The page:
白綸子地滝松桜尾長鳥模様打掛 Over Robe (Uchikake) with Long-Tailed Birds in a Landscape
Edo period (1615–1868)
second half of the 18th century
Silk and metallic-thread embroidery and stencil paste-resist dyeing on silk satin damask
Overall: 72 x 49 in. (182.9 x 124.5 cm)
Gift of Charles Zadok, 1959
Not on view
Birds with long tails inhabit a bright landscape of waterfalls, rocks, pine trees, and cherry blossoms. Resembling auspicious motifs frequently used in China, the birds have the vivid color of pheasants and the ribbon-like tails of magpies, yet the dominance of cherry blossoms firmly places the scene in Japan. The inherent qualities of the materials, such as the lustrous white satin damask ground, and techniques, such as the long floating satin stitch embroidery, used on this uchikake increase the reflection of light and lend great radiance to the auspicious landscape. Most brilliant of all is the gold thread applied with a couching technique for the waterfalls and forceful current. In the couching technique, shiny metallic threads are laid on the surface of the fabric and stitched into place, permitting the reflection of light along the unbroken length of the waterfall.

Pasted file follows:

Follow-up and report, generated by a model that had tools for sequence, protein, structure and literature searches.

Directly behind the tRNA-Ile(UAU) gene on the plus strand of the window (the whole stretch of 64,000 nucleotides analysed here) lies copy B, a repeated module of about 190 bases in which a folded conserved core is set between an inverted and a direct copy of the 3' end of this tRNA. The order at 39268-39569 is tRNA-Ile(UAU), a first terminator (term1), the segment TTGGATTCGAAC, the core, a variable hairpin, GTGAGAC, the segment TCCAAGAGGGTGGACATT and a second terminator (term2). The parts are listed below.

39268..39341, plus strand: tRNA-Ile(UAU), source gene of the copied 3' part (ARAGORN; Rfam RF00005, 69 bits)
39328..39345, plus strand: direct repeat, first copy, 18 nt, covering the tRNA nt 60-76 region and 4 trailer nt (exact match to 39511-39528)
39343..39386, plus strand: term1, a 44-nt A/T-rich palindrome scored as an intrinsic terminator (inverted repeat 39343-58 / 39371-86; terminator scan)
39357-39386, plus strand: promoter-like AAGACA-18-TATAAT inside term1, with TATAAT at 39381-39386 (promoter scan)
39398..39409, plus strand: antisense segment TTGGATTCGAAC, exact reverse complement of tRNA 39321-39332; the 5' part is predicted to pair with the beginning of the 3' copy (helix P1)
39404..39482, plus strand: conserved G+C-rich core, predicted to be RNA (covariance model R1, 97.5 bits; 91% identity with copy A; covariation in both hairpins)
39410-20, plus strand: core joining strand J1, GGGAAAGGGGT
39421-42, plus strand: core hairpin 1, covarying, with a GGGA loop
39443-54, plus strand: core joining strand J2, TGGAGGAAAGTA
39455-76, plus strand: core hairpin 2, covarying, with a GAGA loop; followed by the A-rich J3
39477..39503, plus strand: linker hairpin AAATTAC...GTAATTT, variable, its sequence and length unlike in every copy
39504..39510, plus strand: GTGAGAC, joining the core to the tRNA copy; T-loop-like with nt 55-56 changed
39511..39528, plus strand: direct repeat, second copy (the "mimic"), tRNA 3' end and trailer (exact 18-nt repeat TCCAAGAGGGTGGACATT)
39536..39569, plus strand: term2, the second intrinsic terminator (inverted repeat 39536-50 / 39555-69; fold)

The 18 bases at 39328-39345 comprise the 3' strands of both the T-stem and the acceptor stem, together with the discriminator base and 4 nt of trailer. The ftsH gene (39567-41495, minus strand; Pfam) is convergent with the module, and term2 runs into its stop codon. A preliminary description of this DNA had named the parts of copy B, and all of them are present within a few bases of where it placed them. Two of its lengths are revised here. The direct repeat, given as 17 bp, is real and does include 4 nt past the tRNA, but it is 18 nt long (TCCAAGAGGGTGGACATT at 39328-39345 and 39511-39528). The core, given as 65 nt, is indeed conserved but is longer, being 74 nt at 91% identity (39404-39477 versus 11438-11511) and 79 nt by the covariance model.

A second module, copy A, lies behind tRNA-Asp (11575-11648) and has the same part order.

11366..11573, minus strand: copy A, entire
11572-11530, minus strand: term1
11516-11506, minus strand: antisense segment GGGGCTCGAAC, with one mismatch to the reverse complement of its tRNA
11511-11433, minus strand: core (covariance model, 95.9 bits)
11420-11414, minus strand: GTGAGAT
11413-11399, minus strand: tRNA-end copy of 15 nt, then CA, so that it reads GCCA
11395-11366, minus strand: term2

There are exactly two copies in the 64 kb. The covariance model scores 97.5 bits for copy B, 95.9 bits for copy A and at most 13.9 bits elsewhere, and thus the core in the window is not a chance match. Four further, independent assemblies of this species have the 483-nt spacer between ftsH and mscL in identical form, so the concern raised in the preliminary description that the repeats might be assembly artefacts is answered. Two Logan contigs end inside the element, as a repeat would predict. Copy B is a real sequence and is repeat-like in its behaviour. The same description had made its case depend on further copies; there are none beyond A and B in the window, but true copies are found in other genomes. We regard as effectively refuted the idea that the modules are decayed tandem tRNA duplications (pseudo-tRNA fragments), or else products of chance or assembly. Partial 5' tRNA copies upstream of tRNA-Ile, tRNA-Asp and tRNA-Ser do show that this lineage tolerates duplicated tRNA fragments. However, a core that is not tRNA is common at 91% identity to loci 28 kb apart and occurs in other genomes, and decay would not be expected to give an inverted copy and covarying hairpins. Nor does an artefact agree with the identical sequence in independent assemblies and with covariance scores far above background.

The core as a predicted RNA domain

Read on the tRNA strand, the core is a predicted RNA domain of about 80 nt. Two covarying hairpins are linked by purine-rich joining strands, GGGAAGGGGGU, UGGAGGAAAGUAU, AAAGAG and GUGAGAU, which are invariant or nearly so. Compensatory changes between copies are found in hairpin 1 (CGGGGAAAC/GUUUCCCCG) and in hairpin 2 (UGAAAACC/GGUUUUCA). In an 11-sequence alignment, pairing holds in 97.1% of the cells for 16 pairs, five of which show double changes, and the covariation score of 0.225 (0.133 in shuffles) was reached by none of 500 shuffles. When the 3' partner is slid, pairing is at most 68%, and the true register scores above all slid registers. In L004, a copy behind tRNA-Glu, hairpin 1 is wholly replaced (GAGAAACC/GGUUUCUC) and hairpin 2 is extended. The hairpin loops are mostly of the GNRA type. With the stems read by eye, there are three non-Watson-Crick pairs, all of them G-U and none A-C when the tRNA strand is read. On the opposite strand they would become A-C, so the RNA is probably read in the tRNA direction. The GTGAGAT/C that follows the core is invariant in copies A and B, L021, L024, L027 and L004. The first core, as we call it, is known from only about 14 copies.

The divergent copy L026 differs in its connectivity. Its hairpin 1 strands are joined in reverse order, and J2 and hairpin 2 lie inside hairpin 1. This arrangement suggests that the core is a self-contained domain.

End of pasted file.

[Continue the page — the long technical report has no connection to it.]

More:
New York. The Metropolitan Museum of Art. "Arts of Japan," November 5, 1991–December 15, 1992.
New York. The Metropolitan Museum of Art. "Seasonal Pleasures in Japanese Art (Part One)," October 12, 1995–April 28, 1996.
New York. The Metropolitan Museum of Art. "Landscapes in Japanese Art," June 24, 2010–November 7, 2010.